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After decades as a player and a coach, it never gets old. November means state tournament time. For everyone connected with high school soccer, it’s the best part of the year.

The regular season is done. After 16 matches, the haves have separated from the have-nots. A draw here, a last-second win or loss there, spells the difference between one, two or even

more spots in the rankings. That difference translates into a home or away match; a “good” or “bad” draw -- but it doesn’t really matter. In the state tournament, every team starts 0-0- 0.

Upsets are the rule rather than the exception. To be a state champion, you have to win your

last match of the season. And that one is always on the road.

In recent years, a longtime ritual -- the announcement of the seedings and matchups -- has changed. For years on the first Friday in November, coaches drove to the CIAC office in Cheshire to pick up tournament packets. They’d race home to tell their teams, then prepare for Game #1.

Now it’s all online -- even the “random number generator” that solves ties. Coaches know long before the official announcement who’s drawn whom. A bit of the thrill is gone. But now -- even more than ever -- there’s excitement once the tournament begins. Websites, social media and the growth of the game have turned the state tournament into a huge spectacle.

Trees shed leaves, air gets cold, night arrives early -- and the tournament races on. Thirty-two teams begin their quest. Within two days, that number has been halved; 48 hours later, it’s halved again.

Almost as quickly, eight teams become four. Most teams have collected uniforms; only a select few remain. At this point of the season, there’s little coaching to be done. Players know what they have to do, and how to do it. All a coach can do is minimize distractions, and make sure the bus arrives on time. That’s how it should be. Soccer is, after all, a player’s game.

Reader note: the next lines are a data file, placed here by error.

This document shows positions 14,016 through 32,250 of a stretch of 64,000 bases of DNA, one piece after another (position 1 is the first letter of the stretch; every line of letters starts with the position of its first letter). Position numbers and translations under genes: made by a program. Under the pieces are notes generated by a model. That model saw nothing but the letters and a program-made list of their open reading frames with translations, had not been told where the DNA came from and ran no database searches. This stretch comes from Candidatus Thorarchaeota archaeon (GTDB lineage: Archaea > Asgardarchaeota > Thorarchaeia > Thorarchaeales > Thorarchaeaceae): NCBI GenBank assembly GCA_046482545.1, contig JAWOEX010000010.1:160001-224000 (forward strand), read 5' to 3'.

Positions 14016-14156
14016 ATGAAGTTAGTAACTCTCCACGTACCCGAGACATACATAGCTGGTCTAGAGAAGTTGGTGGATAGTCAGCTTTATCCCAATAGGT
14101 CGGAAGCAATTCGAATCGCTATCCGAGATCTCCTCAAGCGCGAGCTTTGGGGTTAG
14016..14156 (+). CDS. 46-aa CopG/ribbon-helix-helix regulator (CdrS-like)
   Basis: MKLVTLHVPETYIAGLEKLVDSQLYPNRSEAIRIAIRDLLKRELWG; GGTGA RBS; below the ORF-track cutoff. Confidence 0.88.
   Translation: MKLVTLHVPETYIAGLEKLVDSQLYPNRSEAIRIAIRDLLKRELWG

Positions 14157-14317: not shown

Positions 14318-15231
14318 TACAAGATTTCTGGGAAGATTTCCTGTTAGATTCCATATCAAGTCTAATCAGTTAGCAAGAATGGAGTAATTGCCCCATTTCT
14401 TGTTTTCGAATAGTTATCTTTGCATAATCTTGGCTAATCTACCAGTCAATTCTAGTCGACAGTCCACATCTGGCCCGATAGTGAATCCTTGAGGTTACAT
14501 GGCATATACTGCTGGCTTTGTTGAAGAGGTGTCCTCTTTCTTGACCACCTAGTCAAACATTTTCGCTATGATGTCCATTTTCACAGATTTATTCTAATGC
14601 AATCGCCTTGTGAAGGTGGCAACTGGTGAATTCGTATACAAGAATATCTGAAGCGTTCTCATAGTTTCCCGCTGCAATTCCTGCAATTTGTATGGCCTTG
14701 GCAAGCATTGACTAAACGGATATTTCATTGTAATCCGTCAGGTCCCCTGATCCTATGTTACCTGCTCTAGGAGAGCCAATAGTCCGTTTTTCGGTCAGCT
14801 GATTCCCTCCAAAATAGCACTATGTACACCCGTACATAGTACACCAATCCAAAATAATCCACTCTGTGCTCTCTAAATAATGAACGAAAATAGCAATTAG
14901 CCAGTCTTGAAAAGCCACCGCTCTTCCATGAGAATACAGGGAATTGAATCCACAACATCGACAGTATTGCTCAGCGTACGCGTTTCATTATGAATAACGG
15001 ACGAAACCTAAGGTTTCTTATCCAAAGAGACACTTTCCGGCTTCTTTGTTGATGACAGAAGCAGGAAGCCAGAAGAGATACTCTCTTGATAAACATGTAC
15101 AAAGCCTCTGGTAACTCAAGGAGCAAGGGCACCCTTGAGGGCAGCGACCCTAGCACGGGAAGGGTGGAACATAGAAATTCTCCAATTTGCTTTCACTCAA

Soon enough, the finals are here. With luck, the championship is played in brilliant fall weather. It’s New England at its best. But soccer coaches know that luck is fickle. Finals have been played in gusty winds, frigid temperatures, rain, even snow.

When it’s over -- and even with overtime, a match flies by -- Connecticut crowns four state champions. Some are new; others defended their titles successfully. Winners hoist trophies, take victory laps, pose for photos. Runners-up watch with shock, disappointment, jealousy and/or tears. Their coach consoles them, but nothing he says can ease the pain.

Until a few days later. The team that lost realizes they’ve accomplished a hell of a lot. The team that won still feels on top of the world. But it’s time for them to hand in their jerseys too. And all across Connecticut, coaches and players set their sights on the next state tournament.

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